One of the most impressive moments I've experienced in a rpg as a player was in Runequest campaign, where my character wanted to learn some more spirit magic, healing this time. The following text tells how the learning was handled - the GM running the game is quite exceptional GM and I've learned a lot from him.
As our games often go forward fast, that question often comes up. Especially when fighting against enemies that can see in darkness, it can become important. It is often ignored, but it can become an effective combat tactic to get rid of opponent's lights.
Fellow gamemasters, I need your input; I'm trying to create a game preparation formula that can be used for most games. For this, I need some input from you. I'd appreciate if you can tell a bit about your game preparations, mainly how many and how well prepared npc's you need.
Pacifism is a type of hindrance/disadvantage/flaw that works very differently in different types of games. In most games I play or run, no-one would take the pacifism unless there's a work-a-round against it's limitations - and I can't blame anyone for that, as these games usually have at least one combat each session, and usually everyone's most eagerly waiting for those combats! And they often are the most exciting parts of a game session.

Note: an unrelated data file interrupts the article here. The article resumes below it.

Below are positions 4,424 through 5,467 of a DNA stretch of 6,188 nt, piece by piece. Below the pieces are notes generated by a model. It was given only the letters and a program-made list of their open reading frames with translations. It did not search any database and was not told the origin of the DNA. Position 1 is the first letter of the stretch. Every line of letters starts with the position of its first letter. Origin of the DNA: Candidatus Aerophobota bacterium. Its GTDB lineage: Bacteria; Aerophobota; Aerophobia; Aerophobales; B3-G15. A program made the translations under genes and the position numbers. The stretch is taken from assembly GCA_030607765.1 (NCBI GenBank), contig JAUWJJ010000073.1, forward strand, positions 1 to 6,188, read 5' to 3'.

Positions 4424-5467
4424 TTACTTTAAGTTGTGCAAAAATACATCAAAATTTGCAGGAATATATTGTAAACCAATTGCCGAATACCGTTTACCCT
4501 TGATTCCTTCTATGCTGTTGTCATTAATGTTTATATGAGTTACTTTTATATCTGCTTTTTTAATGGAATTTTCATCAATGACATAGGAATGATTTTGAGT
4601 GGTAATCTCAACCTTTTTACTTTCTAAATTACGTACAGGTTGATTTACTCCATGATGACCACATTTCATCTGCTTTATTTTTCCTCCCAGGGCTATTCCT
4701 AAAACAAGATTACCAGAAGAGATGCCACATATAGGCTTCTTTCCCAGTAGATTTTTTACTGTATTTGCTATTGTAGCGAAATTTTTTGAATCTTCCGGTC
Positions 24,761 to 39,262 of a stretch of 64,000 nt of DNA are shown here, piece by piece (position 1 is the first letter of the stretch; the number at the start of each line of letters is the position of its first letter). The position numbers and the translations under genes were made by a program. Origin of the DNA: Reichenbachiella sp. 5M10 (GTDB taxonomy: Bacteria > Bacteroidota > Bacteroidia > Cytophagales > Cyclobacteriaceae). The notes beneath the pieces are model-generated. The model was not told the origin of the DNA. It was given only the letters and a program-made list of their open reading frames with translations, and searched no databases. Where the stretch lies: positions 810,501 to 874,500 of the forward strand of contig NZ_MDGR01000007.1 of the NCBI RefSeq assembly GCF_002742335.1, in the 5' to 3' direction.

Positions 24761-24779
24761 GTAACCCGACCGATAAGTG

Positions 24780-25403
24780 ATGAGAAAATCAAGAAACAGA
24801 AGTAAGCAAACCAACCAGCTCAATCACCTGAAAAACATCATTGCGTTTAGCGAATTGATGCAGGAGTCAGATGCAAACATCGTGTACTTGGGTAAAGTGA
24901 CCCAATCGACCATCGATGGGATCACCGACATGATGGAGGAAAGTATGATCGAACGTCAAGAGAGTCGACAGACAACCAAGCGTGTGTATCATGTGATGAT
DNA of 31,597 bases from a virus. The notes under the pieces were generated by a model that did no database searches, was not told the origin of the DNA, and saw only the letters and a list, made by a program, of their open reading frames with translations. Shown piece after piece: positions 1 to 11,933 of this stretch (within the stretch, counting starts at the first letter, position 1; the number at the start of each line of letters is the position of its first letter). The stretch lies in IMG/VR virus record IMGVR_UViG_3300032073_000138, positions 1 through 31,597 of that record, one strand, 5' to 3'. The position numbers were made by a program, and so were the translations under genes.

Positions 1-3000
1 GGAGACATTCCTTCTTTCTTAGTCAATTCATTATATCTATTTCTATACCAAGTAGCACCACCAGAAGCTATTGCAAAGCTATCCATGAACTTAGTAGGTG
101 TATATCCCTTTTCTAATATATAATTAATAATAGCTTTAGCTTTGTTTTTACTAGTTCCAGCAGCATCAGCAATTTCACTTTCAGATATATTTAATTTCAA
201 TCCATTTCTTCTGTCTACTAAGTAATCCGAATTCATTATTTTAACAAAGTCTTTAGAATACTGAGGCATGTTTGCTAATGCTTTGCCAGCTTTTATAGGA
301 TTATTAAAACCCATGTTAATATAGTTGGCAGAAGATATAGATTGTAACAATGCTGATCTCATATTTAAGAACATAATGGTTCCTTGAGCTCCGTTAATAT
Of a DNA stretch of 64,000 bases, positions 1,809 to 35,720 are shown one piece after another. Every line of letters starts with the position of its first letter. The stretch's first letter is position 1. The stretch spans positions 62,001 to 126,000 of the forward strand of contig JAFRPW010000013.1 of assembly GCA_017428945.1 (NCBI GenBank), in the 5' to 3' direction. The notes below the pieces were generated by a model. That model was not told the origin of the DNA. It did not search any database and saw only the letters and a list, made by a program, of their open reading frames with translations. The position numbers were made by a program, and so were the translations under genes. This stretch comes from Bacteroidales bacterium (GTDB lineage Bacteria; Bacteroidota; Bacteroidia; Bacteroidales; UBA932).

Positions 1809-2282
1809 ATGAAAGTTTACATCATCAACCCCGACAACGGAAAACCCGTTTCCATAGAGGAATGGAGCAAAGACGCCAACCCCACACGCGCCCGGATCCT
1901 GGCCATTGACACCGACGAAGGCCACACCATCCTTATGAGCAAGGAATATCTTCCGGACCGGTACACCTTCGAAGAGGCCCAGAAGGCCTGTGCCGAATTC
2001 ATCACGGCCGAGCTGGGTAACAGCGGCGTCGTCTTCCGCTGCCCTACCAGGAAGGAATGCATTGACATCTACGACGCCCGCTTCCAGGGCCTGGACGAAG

From both player's and GM's point of view I've enjoyed most about games where players have lived in one specific location. They get familiar with the people and location, may start to like people there, get possessions or even rule a portion of the area.
"My character is ready. What? Oh, I need to get some flaws to pay off all the extra stuff I've already picked. But my character is perfect... Now, what flaws would have least effect on my character?"
Sounds familiar? All too familiar to me. Most of my players want to think of all those munchkiny statistics and features first, and then, if the system has a mechanism for negative features (flaws, hindrances, disadvantages, whatever they are called), they try to find something that doesn't hinder their character. I confess, I'm guilty of that too.
Players are often lazy. While they enjoy playing games, they might not share Game Master's enthusiasm to the campaign setting and it's world, and as getting to know it could require reading somewhere from 10 to 150 pages, they might not really know or understand many things that come up during the game.
A while ago I wrote a post about how I ended up with Savage Worlds. The post got some critique for me judging games just by reading rules; it's true, you can't tell how a game plays without actually trying it. But there are other factors that may matter when choosing a game system than just how it plays.
I happened to stumble upon this site when looking for new background musics for my rpg sessions; it's really worth checking! I am now categorizing them where they fit best (scifi/space, fantasy or both (or something else)). For my purposes, it was searching music with 'epic' feel that gave me what I wanted.
When designing or running an adventure, you need to be careful about how you use details. While details can make a story alive, they can also make your players fall asleep.